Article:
Despite the potential for a new life, Asghar’s violence against his wife increased in frequency and intensity and there seemed to be no escape for her.

But a seed was sown when visitors to her door gave Annahita a bible in Farsi.

Ever since I had been given the Farsi Bible, I had picked it up and prayed from time to time. The worse Asghar’s attacks had gotten, the more I had prayed. I found that it helped, much like drinking a glass of cool water took away the dryness in my mouth on a hot night.

She started to become aware of ideas about God that were different to what she had “learned in a mosque”.

There it was all about fear and rules and the difficulty of earning a route to paradise. I had never thought of God being interested in helping me, let alone being with me all the time. I liked the idea. It gave me courage.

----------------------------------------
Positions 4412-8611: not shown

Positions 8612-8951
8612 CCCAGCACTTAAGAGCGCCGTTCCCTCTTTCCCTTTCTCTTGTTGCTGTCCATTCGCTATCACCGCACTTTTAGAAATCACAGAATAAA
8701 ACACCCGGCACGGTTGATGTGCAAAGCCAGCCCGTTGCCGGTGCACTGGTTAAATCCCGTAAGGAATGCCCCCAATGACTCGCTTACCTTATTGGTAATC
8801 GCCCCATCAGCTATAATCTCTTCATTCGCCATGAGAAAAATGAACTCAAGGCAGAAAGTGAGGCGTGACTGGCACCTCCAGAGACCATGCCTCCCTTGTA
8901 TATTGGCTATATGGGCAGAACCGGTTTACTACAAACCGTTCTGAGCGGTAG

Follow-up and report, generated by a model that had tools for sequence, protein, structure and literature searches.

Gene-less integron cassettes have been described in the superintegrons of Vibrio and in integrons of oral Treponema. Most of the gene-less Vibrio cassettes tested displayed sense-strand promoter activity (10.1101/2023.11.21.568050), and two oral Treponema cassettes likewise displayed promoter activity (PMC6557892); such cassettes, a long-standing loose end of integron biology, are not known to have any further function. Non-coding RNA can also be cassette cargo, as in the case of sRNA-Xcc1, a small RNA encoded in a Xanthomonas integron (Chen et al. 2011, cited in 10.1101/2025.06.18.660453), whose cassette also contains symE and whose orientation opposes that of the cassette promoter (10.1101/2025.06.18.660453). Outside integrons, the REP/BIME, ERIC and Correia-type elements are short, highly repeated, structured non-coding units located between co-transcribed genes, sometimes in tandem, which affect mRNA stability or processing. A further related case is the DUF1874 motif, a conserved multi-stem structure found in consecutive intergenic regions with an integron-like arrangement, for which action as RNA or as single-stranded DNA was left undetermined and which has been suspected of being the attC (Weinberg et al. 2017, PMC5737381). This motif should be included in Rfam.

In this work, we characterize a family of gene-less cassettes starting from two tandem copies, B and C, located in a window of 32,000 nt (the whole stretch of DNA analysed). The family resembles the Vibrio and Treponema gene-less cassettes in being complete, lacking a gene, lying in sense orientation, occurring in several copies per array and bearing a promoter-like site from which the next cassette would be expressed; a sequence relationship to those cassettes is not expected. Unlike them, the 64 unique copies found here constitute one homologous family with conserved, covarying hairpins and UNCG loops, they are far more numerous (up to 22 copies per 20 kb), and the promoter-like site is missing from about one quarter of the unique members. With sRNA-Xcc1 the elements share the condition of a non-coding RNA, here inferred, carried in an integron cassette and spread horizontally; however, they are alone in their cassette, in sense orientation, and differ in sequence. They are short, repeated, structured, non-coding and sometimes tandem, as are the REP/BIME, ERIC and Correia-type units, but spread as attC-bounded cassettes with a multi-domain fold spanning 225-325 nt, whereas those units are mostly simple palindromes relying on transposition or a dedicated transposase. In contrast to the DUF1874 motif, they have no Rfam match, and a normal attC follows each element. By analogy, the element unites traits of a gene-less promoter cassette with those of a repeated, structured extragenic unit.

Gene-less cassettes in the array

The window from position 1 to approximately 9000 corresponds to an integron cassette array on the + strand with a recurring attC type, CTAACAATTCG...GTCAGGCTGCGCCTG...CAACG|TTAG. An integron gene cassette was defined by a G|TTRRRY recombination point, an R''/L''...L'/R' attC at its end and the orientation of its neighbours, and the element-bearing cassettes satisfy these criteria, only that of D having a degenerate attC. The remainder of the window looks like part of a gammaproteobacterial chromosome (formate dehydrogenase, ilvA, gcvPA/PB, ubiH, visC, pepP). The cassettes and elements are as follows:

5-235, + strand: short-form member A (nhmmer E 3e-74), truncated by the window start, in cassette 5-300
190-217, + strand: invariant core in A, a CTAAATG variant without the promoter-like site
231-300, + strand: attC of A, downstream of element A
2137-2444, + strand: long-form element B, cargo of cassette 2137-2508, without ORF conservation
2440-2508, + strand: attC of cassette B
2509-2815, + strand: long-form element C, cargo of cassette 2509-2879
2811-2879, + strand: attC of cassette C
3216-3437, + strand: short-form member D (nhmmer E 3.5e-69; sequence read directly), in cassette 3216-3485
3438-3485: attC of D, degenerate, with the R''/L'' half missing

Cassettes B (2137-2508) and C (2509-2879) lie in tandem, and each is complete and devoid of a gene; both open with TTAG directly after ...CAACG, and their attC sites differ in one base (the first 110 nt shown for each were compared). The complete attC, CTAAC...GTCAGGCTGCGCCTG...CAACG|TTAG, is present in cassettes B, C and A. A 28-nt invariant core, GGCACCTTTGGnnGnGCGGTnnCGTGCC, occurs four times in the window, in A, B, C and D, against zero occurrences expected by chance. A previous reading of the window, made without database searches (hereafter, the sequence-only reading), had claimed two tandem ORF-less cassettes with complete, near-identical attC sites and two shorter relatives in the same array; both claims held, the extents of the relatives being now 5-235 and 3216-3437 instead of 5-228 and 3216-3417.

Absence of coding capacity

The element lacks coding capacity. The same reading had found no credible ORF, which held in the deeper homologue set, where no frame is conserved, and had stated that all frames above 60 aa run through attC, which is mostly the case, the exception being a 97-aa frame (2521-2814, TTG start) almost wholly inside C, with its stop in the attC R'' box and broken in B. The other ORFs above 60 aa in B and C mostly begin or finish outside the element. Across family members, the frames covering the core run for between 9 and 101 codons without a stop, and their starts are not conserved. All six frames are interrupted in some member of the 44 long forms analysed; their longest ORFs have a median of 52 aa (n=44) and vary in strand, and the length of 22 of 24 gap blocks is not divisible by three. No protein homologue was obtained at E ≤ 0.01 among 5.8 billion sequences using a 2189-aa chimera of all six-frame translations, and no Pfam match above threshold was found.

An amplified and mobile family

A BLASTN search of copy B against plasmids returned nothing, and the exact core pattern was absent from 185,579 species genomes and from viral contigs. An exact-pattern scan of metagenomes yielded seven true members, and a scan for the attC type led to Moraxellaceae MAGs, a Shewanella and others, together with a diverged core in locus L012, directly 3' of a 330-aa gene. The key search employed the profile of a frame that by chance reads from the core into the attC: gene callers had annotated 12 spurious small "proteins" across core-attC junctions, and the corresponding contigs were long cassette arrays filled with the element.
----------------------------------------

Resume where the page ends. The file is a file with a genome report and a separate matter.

In time that courage helped her to take steps towards freedom for herself and her children. Freedom from the violence of her husband and towards the freedom of a new life of faith.

Annahita Parsan now works within churches in Sweden, ministering to former Muslim refugees.

Beersheba and “God’s Work”

Paul Daley (see previous post) wrote an interesting historical account of the Beersheba charge in today’s Guardian, which includes the following observation:

The charge, coincidentally, narrowly preceded the British war cabinet’s proclamation of the Balfour declaration in support of a Jewish state in Palestine. Such was the alignment of these pivotal moments in Middle East – and global – history that some evangelists and Christian Zionists have claimed that the light horsemen were somehow doing “God’s work” in re-establishing a Jewish homeland, as biblically prophesied.